September 2018
Volume 18, Issue 10
Open Access
Vision Sciences Society Annual Meeting Abstract  |   September 2018
Border enhancing flicker effect in form-from-motion test
Author Affiliations
  • Sara Giovagnoli
    Department of Psychology, University of Bologna
  • Roberto Bolzani
    Department of Psychology, University of Bologna
  • Tony Pansell
    Department of Clinical Neuroscience, The Karolinska Institute, Stockholm
  • Mariagrazia Benassi
    Department of Psychology, University of Bologna
Journal of Vision September 2018, Vol.18, 294. doi:10.1167/18.10.294
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      Sara Giovagnoli, Roberto Bolzani, Tony Pansell, Mariagrazia Benassi; Border enhancing flicker effect in form-from-motion test. Journal of Vision 2018;18(10):294. doi: 10.1167/18.10.294.

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Abstract

The form-from-motion tests are often done by means of dots moving in two different, sometime opposite, directions inside and outside the form. Generally, the dots disappear when they cross the form border and reappear in some other place depending on the previous position to maintain the same dots density. Grossman and Blake (1999), to avoid the border enhancement due to the luminance flickering, set up a stimulus based on dots not disappearing on the form border. The stimulus is done by dots moving diagonally outside the form and changing randomly to a ±30° deviated direction when the dots enter a virtually defined form. Experiment 1 To check the accuracy difference between the border crossing and non-crossing condition, 21 subjects are tested using two stimuli: one like the Grossman stimulus and the other having the same characteristics but not allowing the dots to cross the border. They disappear and reappear outside or inside the form depending on the original place. The difficulty level is changed decreasing the number of the dots moving in deviated direction inside the form. Results 1 The results showed a significantly different accuracy (p < .001) at all the difficulty levels with a better accuracy in non-crossing condition. Experiment 2 To see if the border flickering effect alone can elicit the form perception, a second experiment is done on the same subjects with the stimulus made by diagonally moving dots both inside and outside the form but disappearing when they cross the border. Results 2 All the subjects have been able to correctly detect the form at least in the lowest difficulty level. Conclusion A form-from-motion test using dots disappearing on the border does not measure the form perception due only to the motion contrast effect but that due also to the border flickering effect.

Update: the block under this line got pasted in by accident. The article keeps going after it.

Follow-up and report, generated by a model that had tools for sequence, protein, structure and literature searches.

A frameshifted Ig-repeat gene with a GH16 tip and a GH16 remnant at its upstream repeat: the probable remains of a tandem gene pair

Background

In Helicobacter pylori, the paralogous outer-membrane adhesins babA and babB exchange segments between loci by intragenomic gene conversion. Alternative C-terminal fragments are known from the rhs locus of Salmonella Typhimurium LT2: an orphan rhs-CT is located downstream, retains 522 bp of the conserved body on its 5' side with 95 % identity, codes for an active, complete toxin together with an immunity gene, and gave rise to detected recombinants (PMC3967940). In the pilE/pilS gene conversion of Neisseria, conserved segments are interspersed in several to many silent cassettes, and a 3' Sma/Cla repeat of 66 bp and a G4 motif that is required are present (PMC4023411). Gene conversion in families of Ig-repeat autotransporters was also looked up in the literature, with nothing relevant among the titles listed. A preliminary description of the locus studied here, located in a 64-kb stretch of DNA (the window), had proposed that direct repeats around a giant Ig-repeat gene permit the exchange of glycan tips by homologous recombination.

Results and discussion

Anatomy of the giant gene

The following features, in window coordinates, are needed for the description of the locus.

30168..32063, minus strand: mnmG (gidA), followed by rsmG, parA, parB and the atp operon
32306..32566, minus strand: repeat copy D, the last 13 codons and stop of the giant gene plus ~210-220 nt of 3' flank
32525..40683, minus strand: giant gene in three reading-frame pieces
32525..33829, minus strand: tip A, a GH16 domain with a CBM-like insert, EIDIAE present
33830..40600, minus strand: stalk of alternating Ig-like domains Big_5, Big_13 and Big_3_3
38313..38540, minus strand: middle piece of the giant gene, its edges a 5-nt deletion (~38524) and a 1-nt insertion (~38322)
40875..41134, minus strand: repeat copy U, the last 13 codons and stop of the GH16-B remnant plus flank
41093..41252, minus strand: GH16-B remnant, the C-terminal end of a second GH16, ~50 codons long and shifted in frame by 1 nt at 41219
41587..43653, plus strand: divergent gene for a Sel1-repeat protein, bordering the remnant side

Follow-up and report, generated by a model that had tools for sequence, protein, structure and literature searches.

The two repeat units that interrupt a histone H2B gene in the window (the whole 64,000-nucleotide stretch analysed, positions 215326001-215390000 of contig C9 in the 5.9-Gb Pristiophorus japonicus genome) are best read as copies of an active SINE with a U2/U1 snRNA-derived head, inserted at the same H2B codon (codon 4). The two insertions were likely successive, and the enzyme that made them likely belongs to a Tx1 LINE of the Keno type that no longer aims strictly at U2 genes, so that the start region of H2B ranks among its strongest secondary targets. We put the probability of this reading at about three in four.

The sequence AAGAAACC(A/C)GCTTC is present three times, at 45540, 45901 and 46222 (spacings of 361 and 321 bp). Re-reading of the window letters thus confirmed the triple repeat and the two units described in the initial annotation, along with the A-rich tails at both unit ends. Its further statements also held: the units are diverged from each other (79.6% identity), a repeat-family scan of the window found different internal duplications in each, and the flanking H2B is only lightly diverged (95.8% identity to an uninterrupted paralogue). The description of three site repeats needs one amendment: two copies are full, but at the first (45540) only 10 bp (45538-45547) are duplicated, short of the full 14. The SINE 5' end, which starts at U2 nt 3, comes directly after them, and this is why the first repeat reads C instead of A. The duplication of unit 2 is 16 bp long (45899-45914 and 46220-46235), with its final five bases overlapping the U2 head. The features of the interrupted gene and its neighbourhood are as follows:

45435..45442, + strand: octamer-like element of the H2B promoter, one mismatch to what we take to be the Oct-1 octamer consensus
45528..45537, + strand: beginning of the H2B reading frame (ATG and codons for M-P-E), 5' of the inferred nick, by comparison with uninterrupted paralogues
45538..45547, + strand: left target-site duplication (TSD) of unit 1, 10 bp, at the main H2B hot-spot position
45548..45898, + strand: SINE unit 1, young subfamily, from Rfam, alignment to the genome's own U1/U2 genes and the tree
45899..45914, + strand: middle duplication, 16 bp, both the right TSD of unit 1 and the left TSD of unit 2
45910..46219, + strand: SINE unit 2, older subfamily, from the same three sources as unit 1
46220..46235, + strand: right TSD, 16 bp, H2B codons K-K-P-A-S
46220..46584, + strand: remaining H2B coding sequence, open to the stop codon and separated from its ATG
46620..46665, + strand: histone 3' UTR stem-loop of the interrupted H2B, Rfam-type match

Meeting abstract presented at VSS 2018

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